(RBI) on October 9, maintained a status quo on key lending rates and kept its policy stance ‘accommodative’.
The Monetary Policy Committee (MPC) of the RBI took a unanimous decision to keep the repo rate unchanged at 4 percent and reverse the repo rate at 3.35 percent.
“MPC has voted unanimously to leave the repo rate unchanged at 4 percent, a stance also kept ‘accommodative’ for as long as needed, to support growth,” said RBI Governor Shaktikanta Das.
Here are the top 6 highlights of RBI MPC:
Growth outlook: RBI underscored while COVID-19 remains a threat, the economy is showing signs of improvement.
RBI said that the modest recovery in various high-frequency indicators in September 2020 could strengthen further in the second half of 2020-21 with progressive unlocking of economic activity.
“The mood is shifting from fear and despair to hope. Inflation will ease closer to target by Q4FY21. GDP growth may turn positive by Q4. India is likely to see speedy recovery with variations across sectors. Agriculture, consumer goods, power, and pharma sectors to see quicker recovery,” said Governor Das.
Das also added that the rural economy looks resilient. Foodgrain production set to cross another record in FY21 and migrant labour is return to work in urban areas. Online commerce is booming, people are getting back to offices. Forward-looking biz expectations are optimistic.
RBI sees FY21 GDP contracting by 9.5 percent. PMI for September rose to 56.9; the highest since January 2012.
Inflation projection: The RBI said inflation will remain elevated in the September print, but ease gradually towards the target over Q3 and Q4.
“Our analysis suggests that supply disruptions and associated margins/mark-ups are the major factors driving up inflation. As supply chains are restored, these wedges should dissipate,” Das said.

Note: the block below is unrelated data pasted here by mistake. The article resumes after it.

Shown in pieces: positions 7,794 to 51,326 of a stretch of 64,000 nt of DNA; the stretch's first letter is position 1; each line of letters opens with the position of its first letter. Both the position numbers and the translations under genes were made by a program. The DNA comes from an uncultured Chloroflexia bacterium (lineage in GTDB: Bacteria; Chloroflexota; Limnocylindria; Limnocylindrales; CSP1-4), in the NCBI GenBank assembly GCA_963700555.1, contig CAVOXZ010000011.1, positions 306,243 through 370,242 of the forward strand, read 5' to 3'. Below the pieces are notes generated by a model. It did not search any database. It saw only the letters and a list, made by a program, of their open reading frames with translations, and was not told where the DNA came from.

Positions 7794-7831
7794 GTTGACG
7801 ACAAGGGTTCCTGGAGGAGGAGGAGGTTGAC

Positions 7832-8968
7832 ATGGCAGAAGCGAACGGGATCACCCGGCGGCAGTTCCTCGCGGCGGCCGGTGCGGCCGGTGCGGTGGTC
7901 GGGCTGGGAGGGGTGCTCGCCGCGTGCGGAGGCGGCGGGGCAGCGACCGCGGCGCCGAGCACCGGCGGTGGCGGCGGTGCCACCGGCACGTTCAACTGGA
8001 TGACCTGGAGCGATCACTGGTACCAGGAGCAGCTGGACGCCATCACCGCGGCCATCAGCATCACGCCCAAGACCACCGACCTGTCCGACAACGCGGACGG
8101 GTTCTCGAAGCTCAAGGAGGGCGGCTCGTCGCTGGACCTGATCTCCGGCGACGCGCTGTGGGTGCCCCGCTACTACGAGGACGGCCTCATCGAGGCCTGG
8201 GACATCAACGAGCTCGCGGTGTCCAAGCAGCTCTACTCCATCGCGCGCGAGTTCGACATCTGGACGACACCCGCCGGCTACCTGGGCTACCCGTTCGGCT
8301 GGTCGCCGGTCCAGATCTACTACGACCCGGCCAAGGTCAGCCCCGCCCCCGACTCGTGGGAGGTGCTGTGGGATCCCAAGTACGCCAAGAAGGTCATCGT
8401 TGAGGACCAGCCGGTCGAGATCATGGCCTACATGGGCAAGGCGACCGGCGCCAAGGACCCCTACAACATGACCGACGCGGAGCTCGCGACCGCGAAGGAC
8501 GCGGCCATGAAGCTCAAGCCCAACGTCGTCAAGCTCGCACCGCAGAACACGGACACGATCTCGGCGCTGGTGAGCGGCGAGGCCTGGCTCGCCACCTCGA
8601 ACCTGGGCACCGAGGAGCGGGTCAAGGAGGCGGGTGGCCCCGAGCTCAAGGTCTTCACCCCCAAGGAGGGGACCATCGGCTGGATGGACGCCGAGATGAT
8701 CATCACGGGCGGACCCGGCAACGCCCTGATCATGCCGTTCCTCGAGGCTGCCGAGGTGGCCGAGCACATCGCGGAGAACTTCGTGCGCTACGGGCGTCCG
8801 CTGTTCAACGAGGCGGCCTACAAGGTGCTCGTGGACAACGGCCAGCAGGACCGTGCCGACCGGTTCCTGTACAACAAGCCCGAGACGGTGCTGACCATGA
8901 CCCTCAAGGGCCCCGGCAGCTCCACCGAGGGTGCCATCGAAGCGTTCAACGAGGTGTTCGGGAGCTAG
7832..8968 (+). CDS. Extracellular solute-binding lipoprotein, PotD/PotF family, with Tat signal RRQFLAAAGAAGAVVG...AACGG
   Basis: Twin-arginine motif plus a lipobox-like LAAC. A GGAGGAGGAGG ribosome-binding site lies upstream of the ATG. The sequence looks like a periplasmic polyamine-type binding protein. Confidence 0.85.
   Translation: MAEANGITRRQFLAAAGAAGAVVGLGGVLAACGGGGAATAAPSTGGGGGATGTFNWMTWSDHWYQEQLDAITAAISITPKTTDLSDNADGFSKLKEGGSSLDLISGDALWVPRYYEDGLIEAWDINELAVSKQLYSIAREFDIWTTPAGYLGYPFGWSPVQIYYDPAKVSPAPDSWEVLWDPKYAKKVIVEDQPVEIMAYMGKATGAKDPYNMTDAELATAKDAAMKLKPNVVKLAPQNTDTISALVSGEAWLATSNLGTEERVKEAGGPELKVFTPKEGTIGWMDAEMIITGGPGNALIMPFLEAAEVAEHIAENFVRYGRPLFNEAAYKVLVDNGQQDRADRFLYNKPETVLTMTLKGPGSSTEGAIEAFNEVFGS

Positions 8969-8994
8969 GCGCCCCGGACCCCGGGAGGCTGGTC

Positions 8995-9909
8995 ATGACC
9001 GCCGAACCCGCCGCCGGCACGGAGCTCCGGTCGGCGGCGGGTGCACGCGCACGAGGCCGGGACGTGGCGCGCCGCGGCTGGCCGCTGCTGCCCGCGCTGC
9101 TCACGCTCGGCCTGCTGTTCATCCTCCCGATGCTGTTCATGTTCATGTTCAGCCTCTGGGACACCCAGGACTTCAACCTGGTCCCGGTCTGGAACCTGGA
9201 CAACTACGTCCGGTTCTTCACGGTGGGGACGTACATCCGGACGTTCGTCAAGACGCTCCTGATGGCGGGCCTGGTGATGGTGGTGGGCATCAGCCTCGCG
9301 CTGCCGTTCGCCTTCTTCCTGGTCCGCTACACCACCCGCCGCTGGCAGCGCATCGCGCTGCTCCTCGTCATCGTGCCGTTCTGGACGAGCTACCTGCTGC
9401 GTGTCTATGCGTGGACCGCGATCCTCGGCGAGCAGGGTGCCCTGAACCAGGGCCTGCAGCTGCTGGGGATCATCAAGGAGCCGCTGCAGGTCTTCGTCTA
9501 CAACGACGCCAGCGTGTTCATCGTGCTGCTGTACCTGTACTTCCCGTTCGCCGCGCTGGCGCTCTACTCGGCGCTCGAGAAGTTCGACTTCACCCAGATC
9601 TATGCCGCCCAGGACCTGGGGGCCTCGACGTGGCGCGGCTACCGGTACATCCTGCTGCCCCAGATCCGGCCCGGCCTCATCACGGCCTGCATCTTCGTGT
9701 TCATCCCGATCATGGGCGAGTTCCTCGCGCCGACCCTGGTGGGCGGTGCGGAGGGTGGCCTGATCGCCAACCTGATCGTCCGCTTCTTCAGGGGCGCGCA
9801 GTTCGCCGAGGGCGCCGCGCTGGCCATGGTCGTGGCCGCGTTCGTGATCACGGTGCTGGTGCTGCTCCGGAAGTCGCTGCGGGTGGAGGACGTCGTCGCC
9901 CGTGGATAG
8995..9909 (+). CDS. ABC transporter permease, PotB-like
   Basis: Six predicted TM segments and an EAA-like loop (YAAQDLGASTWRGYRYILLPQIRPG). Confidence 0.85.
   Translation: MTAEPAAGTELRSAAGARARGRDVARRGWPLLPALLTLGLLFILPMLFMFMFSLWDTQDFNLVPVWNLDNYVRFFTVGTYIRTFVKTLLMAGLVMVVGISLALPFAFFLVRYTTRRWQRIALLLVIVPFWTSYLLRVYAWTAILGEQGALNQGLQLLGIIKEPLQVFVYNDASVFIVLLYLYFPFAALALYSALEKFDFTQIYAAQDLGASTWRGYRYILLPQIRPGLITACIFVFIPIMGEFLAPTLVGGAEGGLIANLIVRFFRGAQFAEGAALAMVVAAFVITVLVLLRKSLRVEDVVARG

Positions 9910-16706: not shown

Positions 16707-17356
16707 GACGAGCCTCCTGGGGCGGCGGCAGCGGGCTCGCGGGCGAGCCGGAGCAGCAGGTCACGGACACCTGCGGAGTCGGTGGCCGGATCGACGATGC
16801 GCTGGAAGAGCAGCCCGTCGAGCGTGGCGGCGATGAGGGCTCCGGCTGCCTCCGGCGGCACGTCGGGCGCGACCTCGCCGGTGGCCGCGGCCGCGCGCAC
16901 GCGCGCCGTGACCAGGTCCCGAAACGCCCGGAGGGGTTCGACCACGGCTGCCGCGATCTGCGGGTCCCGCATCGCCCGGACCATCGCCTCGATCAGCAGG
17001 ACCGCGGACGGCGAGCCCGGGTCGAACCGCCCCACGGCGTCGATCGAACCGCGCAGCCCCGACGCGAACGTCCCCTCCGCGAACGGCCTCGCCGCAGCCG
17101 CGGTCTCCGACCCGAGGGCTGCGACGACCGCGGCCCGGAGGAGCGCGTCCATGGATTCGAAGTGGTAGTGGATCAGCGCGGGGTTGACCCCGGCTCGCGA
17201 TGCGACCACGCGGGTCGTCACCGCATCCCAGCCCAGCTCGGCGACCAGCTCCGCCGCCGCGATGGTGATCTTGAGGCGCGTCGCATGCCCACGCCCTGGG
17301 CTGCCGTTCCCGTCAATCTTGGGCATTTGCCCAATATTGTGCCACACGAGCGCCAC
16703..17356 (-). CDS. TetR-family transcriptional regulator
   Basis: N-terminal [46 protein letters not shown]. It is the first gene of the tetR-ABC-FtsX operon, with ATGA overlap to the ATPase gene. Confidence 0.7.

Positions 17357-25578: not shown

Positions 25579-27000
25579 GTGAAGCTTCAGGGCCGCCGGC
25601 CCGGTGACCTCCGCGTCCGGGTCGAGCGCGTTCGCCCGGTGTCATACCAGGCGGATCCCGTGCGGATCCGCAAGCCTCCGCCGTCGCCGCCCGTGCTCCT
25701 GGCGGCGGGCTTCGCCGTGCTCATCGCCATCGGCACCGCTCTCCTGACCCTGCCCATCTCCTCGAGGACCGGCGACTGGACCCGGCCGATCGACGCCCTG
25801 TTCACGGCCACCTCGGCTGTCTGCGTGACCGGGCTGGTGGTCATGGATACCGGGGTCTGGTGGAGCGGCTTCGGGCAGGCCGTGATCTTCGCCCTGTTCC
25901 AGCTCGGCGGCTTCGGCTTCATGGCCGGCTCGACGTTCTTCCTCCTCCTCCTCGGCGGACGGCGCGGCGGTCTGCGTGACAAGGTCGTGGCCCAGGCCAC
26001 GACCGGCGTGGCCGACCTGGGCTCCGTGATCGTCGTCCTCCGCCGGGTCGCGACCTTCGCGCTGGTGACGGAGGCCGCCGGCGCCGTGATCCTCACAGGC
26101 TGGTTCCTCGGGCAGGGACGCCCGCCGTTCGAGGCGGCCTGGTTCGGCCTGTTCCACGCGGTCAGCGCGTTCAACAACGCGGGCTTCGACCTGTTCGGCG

Meanwhile, aggregate demand remains subdued and there is evidence of considerable resource slack.
Liquidity measures: RBI said the focus of liquidity measures by the RBI will now include the revival of activity in specific sectors that have both backward and forward linkages, and multiplier effects on growth.
The central bank will conduct special and outright bond purchases and announced on-tap TLTRO for Rs 1 lakh crore at 4 percent till March 2021. Besides, RBI will conduct OMO worth Rs 20,000 crore next week.
The RBI assured that the borrowing programme of the centre and states for the rest of 2020-21 will be completed in a non-disruptive manner without compromising on price and financial stability.
“The limit for Ways and Means Advances (WMA) for the centre has been kept higher at Rs 1.25 lakh crore compared to Rs 35,000 crore in the second half of the previous year. Similarly, the 60 percent increase in WMA limit for states in the first half of 2020-21 has been extended for a further period of 6 months till March 31, 2021,” Das said.
Additional measures: Against this backdrop and to provide impetus towards reviving the economy, RBI announced certain additional measures.
As per RBI, these measures are intended to (i) enhance liquidity support for financial markets; (ii) regulatory support to improve the flow of credit to specific sectors within the ambit of the norms for credit discipline; (iii) provide a boost to exports; and (iv) deepen financial inclusion and facilitate ease of doing business by upgrading payment system services.
SLR HTM limit extended: RBI extended the dispensation of the enhanced HTM (Held to Maturity) limit of 22 percent up to March 31, 2022, for securities acquired between September 1, 2020, and March 31, 2021.
It is expected that banks will be able to plan their investments in SLR securities in an optimal manner, RBI said.
On September 1, 2020, the RBI increased the investments permitted to be classified as HTM from 19.5 percent to 22 percent of NDTL in respect of SLR securities acquired on or after September 1, 2020, up to March 31, 2021.
Review of the Co-origination Model: In 2018, the RBI put in place a framework for the co-origination of loans by banks and a category of Non-Banking Financial Companies (NBFCs) for lending to the priority sector, subject to certain conditions.
Based on the feedback received from stakeholders, it has been decided to extend the scheme to all NBFCs, including HFCs, in respect of all eligible priority sector loans, and allow greater operational flexibility to the lending institutions.
“This ‘Co-Lending Model’ is expected to leverage the comparative advantages of banks and NBFCs in a collaborative effort, and improve the flow of credit to the unserved and underserved sectors of the economy,” RBI said.
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